Always on (them): Digital and Social Media use in Education

On Thursday we had the pleasure of attending a conference on Digital and Social Media use in Education, a welcome chance to get some fresh ideas to play around with over the Summer and think about implementing in the year to come.

The event was held at the University of the West of Scotland and it was lovely to see lots of familiar faces both speaking and in the audience. It was also nice to see the range of organisations present all having a dialogue about how they are currently supporting young people but also having the recognition that we need to continue to do more.

There is no doubt that young people’s lives are steeped in social media and in his introduction Professor David McGillivray described how social media functions as a ‘cultural mindset’. Many of the speakers talked about the need to actively work with young people on the benefits and potential dangers of social media and how to both empower and support young people, a message we are always trying to convey.

Jim Fanning, Senior Education Officer from Education Scotland spoke about the need for schools to really engage with safety and the responsible use of the internet and that this runs throughout the Scottish curriculum in Technologies, Literacy and Health and Wellbeing. He showed a document that neither of us were familiar with: Guidance on developing policies to promote the safe and responsible use of mobile technology in schools. This seems like a key document that every school should be looking at and engaging with but we wonder how many are even aware it exists. He also suggested that schools could be using the 360 Degree Safe Self Review Tool to look at current practice and think  about whether changes need to be made to help ensure staff are equipped to support young people.

via @johnjohnston
via @johnjohnston

Two experienced teachers spoke about positive experiences of social media use in education. John Johnston from North Lanarkshire spoke about the success he’s had with young people blogging and the impact that was had from connecting with the outside world. John made the point that we should consider whether our school’s use of social media was as a broadcast system or a conversation. He also posed a perhaps discomfiting question around whether we give learners themselves enough ownership over their use of social media, or if it is curated by adults on their ‘behalf’.  He talked about the pupils learning from their mistakes and his belief that the way to approach any new technology was about ‘practice and reflection’ which Athole McLauchlan from Bearsden Primary also picked up on.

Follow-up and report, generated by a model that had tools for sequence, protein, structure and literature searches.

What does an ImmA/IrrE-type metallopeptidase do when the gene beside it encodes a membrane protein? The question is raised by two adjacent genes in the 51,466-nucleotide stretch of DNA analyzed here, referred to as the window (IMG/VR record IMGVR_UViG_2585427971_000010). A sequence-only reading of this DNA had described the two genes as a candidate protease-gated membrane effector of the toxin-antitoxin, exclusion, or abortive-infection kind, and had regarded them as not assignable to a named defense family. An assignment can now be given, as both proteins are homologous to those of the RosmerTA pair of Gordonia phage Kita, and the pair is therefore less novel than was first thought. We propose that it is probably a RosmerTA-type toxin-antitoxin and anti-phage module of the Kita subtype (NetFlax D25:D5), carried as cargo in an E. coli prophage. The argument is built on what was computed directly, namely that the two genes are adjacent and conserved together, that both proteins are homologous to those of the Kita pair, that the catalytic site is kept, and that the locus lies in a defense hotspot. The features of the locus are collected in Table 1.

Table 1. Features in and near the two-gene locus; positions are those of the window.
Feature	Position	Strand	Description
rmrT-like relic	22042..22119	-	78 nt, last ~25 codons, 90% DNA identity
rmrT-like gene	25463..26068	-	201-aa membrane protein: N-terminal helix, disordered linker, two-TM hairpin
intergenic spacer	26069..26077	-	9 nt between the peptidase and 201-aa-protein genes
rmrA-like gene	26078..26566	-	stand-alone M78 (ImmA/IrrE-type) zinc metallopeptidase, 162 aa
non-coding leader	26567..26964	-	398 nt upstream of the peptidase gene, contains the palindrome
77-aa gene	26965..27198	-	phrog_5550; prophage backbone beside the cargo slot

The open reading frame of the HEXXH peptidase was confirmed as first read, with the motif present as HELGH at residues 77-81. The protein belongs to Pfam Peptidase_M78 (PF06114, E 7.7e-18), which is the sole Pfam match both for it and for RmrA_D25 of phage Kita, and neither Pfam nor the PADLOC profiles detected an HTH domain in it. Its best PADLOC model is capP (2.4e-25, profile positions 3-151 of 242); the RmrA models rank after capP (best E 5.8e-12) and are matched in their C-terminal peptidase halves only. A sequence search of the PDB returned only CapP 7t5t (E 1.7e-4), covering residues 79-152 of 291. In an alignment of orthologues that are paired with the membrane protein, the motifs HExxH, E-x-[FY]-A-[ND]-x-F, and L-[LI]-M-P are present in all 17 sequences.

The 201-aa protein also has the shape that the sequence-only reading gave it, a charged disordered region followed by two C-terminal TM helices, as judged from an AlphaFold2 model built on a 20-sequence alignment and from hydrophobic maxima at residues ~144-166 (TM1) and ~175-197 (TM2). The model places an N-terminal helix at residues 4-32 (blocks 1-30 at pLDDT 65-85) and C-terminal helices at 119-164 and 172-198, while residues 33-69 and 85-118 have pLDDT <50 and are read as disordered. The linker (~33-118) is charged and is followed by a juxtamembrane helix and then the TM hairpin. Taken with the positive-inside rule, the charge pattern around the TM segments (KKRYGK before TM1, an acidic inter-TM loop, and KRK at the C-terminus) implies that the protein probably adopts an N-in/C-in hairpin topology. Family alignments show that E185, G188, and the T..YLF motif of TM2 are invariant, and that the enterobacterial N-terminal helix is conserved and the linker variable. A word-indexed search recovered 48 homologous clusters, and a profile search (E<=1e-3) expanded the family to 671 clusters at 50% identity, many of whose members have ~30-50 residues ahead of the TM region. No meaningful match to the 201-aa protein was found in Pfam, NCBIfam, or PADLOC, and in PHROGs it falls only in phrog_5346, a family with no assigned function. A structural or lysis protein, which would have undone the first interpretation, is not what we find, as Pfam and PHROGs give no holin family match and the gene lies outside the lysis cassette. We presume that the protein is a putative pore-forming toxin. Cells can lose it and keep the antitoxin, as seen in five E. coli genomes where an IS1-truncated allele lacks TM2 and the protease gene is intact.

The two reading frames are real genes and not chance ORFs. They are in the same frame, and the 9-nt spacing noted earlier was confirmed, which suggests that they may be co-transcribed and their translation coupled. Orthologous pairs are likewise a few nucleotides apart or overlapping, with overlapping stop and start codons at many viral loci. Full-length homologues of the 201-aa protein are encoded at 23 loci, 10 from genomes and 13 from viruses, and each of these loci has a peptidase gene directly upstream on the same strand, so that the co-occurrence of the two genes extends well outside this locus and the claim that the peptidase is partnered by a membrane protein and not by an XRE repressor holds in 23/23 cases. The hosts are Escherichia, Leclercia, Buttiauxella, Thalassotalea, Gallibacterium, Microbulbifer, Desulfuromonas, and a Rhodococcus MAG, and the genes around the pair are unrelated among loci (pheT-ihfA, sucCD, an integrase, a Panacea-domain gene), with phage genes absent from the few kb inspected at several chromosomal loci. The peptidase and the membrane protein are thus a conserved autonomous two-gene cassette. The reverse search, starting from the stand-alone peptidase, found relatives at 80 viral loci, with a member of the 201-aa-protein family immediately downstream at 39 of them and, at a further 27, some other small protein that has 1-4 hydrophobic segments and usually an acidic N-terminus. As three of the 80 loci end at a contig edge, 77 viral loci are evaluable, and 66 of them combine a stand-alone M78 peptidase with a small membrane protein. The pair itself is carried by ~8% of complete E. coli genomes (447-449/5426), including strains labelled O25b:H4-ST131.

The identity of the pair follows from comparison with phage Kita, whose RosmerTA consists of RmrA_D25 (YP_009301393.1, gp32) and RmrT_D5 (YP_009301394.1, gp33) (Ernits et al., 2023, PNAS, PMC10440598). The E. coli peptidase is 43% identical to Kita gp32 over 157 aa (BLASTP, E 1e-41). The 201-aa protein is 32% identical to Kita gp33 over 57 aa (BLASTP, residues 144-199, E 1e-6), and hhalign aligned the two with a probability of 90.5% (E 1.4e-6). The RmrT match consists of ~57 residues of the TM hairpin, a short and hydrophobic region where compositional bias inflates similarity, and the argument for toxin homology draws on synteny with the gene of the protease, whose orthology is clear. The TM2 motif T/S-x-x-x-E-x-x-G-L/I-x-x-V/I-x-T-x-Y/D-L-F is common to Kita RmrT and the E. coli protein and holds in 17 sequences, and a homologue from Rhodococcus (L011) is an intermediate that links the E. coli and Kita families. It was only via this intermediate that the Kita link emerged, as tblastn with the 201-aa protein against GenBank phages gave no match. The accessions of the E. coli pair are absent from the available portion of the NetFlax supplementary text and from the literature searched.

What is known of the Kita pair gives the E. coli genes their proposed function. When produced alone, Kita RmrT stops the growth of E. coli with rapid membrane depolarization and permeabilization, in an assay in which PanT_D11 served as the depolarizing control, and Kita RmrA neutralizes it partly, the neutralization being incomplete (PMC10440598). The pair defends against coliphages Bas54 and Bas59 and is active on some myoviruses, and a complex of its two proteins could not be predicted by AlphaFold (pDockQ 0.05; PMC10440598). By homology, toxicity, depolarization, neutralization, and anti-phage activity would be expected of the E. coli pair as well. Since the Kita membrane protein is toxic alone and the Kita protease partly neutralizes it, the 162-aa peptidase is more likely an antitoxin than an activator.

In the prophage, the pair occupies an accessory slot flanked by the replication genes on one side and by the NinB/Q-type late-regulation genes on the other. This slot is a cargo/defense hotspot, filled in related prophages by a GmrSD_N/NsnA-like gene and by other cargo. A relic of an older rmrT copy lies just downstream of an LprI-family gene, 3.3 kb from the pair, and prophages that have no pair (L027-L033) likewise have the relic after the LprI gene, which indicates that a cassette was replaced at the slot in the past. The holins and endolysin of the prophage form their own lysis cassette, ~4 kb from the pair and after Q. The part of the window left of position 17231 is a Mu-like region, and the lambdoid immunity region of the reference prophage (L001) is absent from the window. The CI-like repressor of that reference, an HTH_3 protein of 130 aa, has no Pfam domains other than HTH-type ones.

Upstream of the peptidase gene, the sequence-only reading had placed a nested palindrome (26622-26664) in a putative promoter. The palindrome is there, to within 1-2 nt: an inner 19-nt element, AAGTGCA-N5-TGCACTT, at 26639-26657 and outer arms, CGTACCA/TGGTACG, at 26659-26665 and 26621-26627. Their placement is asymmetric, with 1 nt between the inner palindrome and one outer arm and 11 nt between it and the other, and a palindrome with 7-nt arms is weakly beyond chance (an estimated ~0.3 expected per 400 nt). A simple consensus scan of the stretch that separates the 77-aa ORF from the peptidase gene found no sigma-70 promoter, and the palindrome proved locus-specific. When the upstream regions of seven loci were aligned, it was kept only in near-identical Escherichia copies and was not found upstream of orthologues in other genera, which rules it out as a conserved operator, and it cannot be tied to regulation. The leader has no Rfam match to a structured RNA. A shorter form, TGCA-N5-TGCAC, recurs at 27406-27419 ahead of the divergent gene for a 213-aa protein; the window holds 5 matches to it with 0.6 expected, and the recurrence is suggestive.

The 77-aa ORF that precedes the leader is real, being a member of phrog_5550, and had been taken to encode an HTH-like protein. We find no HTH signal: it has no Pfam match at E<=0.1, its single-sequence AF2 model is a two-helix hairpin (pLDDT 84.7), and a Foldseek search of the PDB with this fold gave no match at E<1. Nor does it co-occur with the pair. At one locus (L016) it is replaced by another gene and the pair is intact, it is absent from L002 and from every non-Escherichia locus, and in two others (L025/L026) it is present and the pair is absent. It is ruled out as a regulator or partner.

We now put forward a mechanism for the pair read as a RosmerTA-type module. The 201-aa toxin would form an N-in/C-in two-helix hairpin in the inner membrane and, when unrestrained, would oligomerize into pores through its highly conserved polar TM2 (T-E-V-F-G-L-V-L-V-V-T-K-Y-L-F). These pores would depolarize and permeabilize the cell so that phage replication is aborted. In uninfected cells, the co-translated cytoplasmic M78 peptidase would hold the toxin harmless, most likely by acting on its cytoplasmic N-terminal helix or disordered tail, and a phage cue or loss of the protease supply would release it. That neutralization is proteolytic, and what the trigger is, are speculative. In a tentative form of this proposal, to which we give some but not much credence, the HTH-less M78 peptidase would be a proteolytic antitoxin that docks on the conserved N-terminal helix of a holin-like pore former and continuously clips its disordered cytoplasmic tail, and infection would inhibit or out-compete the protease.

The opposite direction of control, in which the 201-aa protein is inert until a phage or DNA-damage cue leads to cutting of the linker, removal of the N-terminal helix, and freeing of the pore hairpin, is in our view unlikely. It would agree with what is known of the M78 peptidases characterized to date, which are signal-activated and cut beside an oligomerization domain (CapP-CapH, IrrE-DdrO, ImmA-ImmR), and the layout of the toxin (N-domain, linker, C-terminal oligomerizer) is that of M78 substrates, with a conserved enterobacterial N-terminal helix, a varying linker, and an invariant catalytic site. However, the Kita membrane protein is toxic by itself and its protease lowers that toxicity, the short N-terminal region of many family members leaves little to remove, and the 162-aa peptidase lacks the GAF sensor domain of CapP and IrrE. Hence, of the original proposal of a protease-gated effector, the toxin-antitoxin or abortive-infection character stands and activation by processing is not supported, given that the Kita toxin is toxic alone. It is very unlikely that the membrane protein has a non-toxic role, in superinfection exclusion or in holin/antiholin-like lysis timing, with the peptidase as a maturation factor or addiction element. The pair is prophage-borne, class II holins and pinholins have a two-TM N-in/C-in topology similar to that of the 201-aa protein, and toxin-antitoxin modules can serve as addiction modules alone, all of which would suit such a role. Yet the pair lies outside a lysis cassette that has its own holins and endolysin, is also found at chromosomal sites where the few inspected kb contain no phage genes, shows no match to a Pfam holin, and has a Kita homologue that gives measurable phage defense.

Athole discussed the success his school has had with Class Dojo and Yammer (available within Glow). Class Dojo is being used to build positive relationships with the community within the school and allow the school to instantly share effective learning with parents. Lots of classes round the world are now using Class Dojo but this was interesting as it was a whole school approach and engagement with homes was so high. As only parents can get access, it gives security to schools not wanting to put pupils’ faces on Twitter. Yammer, a free Microsoft tool on Glow which can be accessed by both pupils and teachers,  has been effectively adopted by Athole’s pupils who are using it to create surveys, chat, learn and even on occasion, do homework! We’ll return to the use of Yammer in Scottish education over the next few weeks.

alway on 1And, as usual, we listened on in envy as Malcolm Wilson from Falkirk talked about the well embedded use of social media in Falkirk. It is refreshing to hear about their ‘can do’ attitude and the collaboration that is ongoing between schools. He gave useful advice for schools getting negative feedback or challenge from parents via a Facebook page or Twitter. His advice is to never engage with it and instead always invite the concerned party into school to discuss the matter further if they wish. This invitation should be repeated as necessary in ‘broken record’ style, and avoids confrontation in the online space.  Malcolm encourages public facing (rather than locked) school Twitter accounts to encourage transparency and the ability to engage with others. Both John and Malcom made us think more deeply about Twitter use in schools and the fact that, although lots of schools around Scotland have twitter accounts, most of them are using them to spread out information: a one sided approach rather than actually discussing and collaborating with parents and the community. For more information, you can find Malcolm’s presentation here, and John’s here.

Speakers from the YMCA, Young Scot and The Aye Mind Project made it clear that this is not just a school focus – work is going on in a variety of forms to support young people and ensure their rights are met. YMCA are doing Digital Streetwork and upskilling young people who are then passing on their skills to others which is an approach advocated in HGIOS4. Young Scot are trying to educate on the rights of a child in a digital age with the 5Rights framework , while Dr Trevor Lakey from the Aye Mind  project spoke about the free resources available to support mental health and wellbeing in young people.